The Republican Party’s Latest Grasp for Power is a Big One

Donald Trump & his Supreme Court

Last month, on the same day Donald Trump picked his nomination to succeed Ruth Bader Ginsburg, he doubled down his refusal to leave the White House if he were to lose the election.

“We are going to have to see what happens,” Trump said. “Get rid of the ballots and…there won’t be a transfer, frankly.”

Though it may sound like bravado (it is), the President is serious. He won’t leave. He won’t relinquish the Presidency (the crown?). If he did, he would surrender his power. But he can’t because it’s all about Power.

What is Donald Trump, what is the Republican Party, without Power?

Possible answers: empty rhetoric, policy-less, a dwindling electorate, overpriced suits, overwhelmingly white.

Correct answer: a party with generations of political power as a result of the number of judges they have appointed during these four years of Donald Trump’s presidency.

Cue: Amy Coney Barret.

It has happened. She has happened. After a quietly hurried hearing and a suspiciously nationalistic celebration, Amy Coney Barrett is officially the ninth associate justice on our Supreme Court.

A profoundly mediocre nominee with only two years in private practice, she never tried a case, never argued an appeal, never argued before the supreme court, and never served as a judge until 2017. Republicans wanted her in. Donald Trump wanted her in — recall his refusal to leave office. We knew it when Trump, after the confirmation of Brett Kavanaugh in 2018, told the press he was saving Barrett for Ruth Bader Ginsburg. An immoral statement, it revealed the Republican long game — impose the conservative rule on liberal society. In simpler terms — Power.

Even now, as Donald Trump and Republicans make a campaign issue out of a hypothetical that the Democrats will pack the courts post-2020 election, they are out packing the courts themselves. They are warning Americans about Democratic partisanship, a divide. But ask yourself this question. Where does this divide come from? Is it anything new? It certainly is not an anomaly. The truth is, Mitch McConnell and Republicans have packed (or stacked) the courts for over a decade, bucking Senate traditions. It is their great accomplishment.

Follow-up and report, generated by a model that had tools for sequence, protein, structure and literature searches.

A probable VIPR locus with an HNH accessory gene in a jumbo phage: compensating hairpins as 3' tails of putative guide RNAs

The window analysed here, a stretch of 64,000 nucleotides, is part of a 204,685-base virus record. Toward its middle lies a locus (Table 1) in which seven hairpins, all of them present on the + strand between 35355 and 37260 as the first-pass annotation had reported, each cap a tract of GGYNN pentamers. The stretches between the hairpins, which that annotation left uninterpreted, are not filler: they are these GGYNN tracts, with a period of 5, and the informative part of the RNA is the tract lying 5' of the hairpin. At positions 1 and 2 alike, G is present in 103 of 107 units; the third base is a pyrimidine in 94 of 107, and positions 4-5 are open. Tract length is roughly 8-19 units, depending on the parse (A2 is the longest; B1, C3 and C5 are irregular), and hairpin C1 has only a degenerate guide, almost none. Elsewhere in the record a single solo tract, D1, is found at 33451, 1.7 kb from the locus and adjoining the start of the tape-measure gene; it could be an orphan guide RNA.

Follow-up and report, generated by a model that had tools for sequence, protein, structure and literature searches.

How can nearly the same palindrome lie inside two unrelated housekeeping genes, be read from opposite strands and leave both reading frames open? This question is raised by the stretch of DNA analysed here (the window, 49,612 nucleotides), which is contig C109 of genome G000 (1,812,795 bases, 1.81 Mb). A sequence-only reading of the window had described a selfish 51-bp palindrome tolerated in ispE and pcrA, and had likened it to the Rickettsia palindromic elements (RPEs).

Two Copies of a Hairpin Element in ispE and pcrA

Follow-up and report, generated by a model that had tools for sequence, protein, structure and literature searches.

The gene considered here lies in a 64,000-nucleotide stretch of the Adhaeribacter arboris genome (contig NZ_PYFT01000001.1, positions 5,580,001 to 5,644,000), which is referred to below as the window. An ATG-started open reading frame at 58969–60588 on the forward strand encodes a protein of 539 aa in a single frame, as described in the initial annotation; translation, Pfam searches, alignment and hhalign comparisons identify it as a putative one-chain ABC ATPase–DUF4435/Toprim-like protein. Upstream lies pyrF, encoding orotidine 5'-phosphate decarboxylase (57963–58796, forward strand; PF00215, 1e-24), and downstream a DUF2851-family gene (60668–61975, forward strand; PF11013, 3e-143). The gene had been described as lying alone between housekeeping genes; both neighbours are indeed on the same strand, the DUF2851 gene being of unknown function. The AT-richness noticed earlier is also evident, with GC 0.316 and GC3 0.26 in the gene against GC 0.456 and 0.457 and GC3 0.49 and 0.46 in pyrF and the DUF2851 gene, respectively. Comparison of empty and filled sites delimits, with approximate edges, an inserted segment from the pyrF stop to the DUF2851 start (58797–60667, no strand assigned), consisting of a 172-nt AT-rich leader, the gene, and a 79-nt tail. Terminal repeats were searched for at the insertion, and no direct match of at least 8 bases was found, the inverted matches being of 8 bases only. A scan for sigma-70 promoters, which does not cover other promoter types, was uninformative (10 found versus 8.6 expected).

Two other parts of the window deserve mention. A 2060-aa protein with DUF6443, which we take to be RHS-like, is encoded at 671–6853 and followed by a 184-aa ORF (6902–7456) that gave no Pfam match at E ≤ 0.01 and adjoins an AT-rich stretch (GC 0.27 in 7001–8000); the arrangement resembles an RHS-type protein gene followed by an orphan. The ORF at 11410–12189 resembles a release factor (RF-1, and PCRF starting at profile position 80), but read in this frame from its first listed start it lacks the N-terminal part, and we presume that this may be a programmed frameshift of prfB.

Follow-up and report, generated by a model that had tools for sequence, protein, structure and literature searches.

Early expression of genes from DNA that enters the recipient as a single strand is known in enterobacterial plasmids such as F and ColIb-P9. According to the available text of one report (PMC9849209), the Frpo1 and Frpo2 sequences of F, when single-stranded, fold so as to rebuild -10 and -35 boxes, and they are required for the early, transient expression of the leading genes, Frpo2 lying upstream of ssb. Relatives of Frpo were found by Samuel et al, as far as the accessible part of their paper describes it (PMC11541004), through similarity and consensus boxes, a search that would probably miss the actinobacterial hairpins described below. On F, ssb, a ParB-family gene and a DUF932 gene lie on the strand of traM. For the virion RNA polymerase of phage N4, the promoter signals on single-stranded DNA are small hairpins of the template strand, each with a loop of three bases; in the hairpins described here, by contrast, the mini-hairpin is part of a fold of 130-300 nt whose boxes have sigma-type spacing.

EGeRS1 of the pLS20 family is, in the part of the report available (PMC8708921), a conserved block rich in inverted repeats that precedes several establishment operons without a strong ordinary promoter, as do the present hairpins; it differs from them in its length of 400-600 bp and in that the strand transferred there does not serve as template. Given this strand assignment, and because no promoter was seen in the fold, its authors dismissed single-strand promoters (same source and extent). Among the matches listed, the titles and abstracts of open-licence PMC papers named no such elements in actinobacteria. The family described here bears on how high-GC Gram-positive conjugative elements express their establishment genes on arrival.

On inauguration day, Donald Trump already had 162 district court judge vacancies and 53 appeals court judge vacancies available to him to fill. Contrary to what Trump has been saying — that Obama was idle in filling vacancies left him with all those openings — it was Mitch McConnell who stifled, blocked, and filibustered the seats from Obama and the Democrats. He actively packed the courts, having written novel, but self-serving rules, as he did with Merrick Garland. So, looking back on those actions, the Barrett nomination has been inevitable.

Quiet. Insidious. Inevitable.

It is precisely due to this inevitably that we cannot linger on the confirmation. It is real. It is done.

I said earlier that the Republicans picked a fight they expected to end with this nomination. But it has only just begun.

The Democrats must press the Republicans and plan for a court expansion, as President Franklin Delano Roosevelt proposed in 1937 (he won his re-election soundingly). There is no choice. Plus, court expansion is not etched in stone, nor is reduction for that matter. President Abraham Lincoln signed the Judiciary Act of 1862, adding a tenth justice to the Supreme Court. Following Lincoln’s assassination in 1865, Republicans reduced that number to seven. Republicans then added two justices after winning back the White House in 1869. So, this capricious judiciary tradition seems to be something of a banality. I prefer the revolving door idea Pete Buttigieg proposed during his candidacy.

But what about us voters? As we had with Selma and Occupy Wall Street, with the March on Washington for Lesbian, Gay & Bi Equal Rights & Liberation, with the Great American Boycott, with the Women’s March of 2017 and 2018, with March for Our Lives, with the Black Lives Matter movement — the largest assembled protest in American history — we march forward.

We think ahead. We vote.

Conservatives will inevitably whine that us millennials and the younger generations only protest because we did not get our way. However, it is far from the truth. We protest against a system rigged against us from the outset. We are loud because Senate Republicans cheat. Whether it be red-lining, re-districting, filibustering, making up rules — they cheat to ensure conservative principles hold sway over American law. The policies Trump has enacted and has yet to make law will live long after he leaves office. Republicans did this despite the country demanding otherwise. It is a power grab, as weak as that electoral grip appears to be. We must act on our anger.

We need to make Mitt Romney aware that the majority of the country is not, as he likes to say, center-right socially. We are far more socially liberal than Senate Republicans care to admit.